A power steering pump is what helps to steer your car. It is controlled by a series of pulleys. If you need to replace it your car will tell you by way of specific noises and symptoms. This article will give you an overview of how to know when you need a new one; how much it costs to replace; and what’s involved in replacing it yourself. The cost to have it replaced at a shop can vary from
How do you Know if you Need a New Power Steering Pump?
In the case of a bad power steering pump, your car will speak to you with one of these symptoms.
- High pitched squeal whenever the engine is turned on. This is the lesser of all the evil. A high pitch squeal could signify a leak or even better, the power steering fluid of ATF or low. If you ignore the squeal then the pump will need to be replaced and the belt will need realignment.
- Steering wheel that is harder to turn than usual. When the wheel is turning harder than normal then the power steering pump is failing. It is time to replace the pump.
- The steering wheel is not responding to you turning it. In this case the power steer pump is not functioning properly. This means that your power steering pump has a damaged gear and needs replacement.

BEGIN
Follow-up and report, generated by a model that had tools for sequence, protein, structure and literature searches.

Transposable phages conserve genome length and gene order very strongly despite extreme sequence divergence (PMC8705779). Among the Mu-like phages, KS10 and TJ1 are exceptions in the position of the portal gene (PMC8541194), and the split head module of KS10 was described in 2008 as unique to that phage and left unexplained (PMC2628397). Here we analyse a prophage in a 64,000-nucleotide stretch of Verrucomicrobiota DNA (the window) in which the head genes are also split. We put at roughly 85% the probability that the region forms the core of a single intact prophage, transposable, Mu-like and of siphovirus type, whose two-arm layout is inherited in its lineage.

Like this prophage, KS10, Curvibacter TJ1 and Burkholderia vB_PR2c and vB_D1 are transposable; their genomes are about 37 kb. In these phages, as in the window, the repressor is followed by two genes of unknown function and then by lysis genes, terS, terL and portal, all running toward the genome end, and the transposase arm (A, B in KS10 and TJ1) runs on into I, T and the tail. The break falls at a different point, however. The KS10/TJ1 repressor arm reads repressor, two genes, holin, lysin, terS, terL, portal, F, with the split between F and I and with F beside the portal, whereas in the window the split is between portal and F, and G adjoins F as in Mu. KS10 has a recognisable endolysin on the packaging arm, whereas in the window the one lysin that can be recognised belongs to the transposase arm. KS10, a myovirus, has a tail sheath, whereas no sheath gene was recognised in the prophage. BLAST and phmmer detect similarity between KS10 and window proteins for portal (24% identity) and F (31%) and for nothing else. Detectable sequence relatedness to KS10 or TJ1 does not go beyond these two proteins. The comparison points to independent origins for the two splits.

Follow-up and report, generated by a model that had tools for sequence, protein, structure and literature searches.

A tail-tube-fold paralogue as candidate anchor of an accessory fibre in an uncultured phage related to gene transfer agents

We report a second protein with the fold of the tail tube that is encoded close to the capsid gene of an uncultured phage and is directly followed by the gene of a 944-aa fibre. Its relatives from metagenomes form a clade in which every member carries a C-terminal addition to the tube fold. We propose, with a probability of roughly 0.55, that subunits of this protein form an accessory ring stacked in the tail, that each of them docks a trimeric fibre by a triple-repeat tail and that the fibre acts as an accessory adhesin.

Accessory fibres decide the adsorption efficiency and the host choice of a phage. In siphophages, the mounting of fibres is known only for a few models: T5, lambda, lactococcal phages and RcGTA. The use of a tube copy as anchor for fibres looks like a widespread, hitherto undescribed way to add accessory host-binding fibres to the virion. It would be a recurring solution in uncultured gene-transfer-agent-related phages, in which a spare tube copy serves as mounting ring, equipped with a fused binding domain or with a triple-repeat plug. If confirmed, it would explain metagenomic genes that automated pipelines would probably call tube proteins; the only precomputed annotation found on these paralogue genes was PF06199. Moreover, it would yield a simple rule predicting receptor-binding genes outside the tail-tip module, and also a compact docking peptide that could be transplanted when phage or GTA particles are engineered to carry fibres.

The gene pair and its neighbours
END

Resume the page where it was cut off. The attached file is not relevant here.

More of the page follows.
- Car that is growling or groaning is the most serious. In this case it means that your power steering pump is about to fail. Get this car to a place you can replace it at either yourself or at a shop. This means it has already passed through another symptom.
- Vibrations on steering wheel. This means that your power steering pump is going. Usually you can flush your system and it will fix the problem. If it does not then you have to replace the power steering pump.
- Voltage Draw. This is a common symptom on many cars such as Lincolns. This means that it is taking more energy to run and is about to fail.
- Slipping steering wheel. If your steering wheel feels like it slips when you try to steer, chances are your belts are worn and need to be replaced.